Listen: Mu Daiko 15th Anniversary - drummers pound out tradition

On this episode of Minnesota Sounds and Voices, MPR’s Dan Olson talks with members of Mu Daiko, a St. Paul-based Japanese drumming ensemble.  Iris Shiraishi and Rick Shiomi discuss the background and rudiments of music style.


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[DRUM BEAT] SPEAKER: That big sound is taiko, Japanese for fat drum. It's an ancient drumming tradition that has gotten a dramatic makeover here in Minnesota. Modern taiko includes the traditional rhythms. But the new sound is jazzier and includes dance and more instruments. All of the influences come together in Saint Paul tonight, as the drumming ensemble Mu Daiko celebrates its 15th anniversary. Here's a new episode of Minnesota sounds and voices with reporter Dan Olson.


DAN OLSON: Thank goodness for jazz, and for winemaking, and their influence on the ancient Japanese taiko tradition. On the winemaking front, Mu Daiko artistic director Iris Shiraishi says the ensemble's big drum is made from recycled California wine barrels. That's a lot cheaper and faster than traditional Japanese drum making, where workers fell a huge tree and then wait for the wood to cure.

IRIS SHIRAISHI: It would literally have to sit untouched, five, anywhere from five to seven years, in a temperature-controlled environment.

DAN OLSON: Shiraishi had a hand and feet in making the Mu Daiko drum.

IRIS SHIRAISHI: I actually climbed a ladder and stepped onto the skin. And I jumped up and down on it to stretch it even more.

DAN OLSON: Iris Shiraishi is a music major, originally from Hawaii. She played French horn in high school band, then studied composition, arts administration, and music therapy at the University of Iowa and the University of Minnesota. Shiraishi started studying taiko in 1997 when Mu Daiko was founded.

Here's a very brief history of taiko. The tradition may go back 4,000 years, with drums leading warriors into battle. It may have been sort of the social media of its time, as villagers used taiko to communicate with one another. Then priests got a hold of the drums and put them mostly off limits, except for religious observances.


Iris Shiraishi says modern taiko started with a soldier returning from World War 2, to his village in Japan.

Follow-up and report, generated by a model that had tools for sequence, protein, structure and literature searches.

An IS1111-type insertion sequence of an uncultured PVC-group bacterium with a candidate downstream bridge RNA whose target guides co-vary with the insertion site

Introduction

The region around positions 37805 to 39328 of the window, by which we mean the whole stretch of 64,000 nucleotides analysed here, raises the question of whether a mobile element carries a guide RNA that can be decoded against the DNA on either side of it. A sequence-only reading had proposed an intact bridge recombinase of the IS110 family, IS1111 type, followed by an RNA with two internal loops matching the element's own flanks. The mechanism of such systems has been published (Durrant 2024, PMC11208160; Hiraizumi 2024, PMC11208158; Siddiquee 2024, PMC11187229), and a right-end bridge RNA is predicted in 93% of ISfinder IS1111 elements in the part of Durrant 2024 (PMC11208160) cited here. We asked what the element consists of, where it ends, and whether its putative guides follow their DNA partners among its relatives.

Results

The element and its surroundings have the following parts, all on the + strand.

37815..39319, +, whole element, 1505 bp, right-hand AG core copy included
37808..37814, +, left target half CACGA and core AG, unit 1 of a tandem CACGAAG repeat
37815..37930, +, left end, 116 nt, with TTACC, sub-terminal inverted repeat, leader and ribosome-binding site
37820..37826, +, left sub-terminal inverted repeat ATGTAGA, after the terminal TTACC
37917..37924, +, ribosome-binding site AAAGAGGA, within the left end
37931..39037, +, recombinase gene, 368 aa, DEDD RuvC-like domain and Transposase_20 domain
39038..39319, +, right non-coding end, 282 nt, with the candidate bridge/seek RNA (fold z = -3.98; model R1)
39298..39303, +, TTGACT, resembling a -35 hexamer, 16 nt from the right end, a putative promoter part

IRIS SHIRAISHI: Someone gave him an old manuscript that he figured out was taiko notation. He played it. And then being a jazz drummer, he found it pretty boring.


DAN OLSON: The jazzier, showier version of taiko jumped the pond to America in 1968. The tradition migrated to Minnesota in 1997 when Rick Shiomi created Mu Daiko. Shiomi says some taiko music is written down, but a lot is learned by vocalization or mouth music.


Shiomi says the rudiments of taiko, the drumming, and some of the movements can be learned in about two years. The masters, he says, have studied for more than 20. Shiomi says the best taiko players have a good sense of rhythm and body movement.

RICK SHIOMI: Understanding the movement and flow, that is the basis of martial arts and is actually the basis of taiko.


DAN OLSON: Taiko is a feast for the ears with its big bangy pieces and then its softer and sweeter tunes. It's a feast for the eyes as players treat the drums as a sort of dancing partner. Iris Shiraishi says a traditional move has players slowly raising their sticks, or bachi, skyward in unison, to call on Mu Daiko's spirit and namesake.

IRIS SHIRAISHI: We are following this move, the shaman artist warrior that connects the heavens and Earth through the tree of life, which happens to be the artist at that point, to gather this energy through our bachi, putting it into the drums, sending that sound out to the audience, and then many times feeling that audience energy come back to us.


SPEAKER 1: Mu Daiko performances recognizing the group's 15th anniversary begin tonight at the Ordway in Saint Paul. Then the group hits the road with a batch of performances around the state. You can see the drum ensemble preparing for these celebratory showcases by going to Watch a video of the group rehearsing and hear what members of Mu Daiko love about their art. Our Minnesota Sounds and Voices reporter and producer is Dan Olson.



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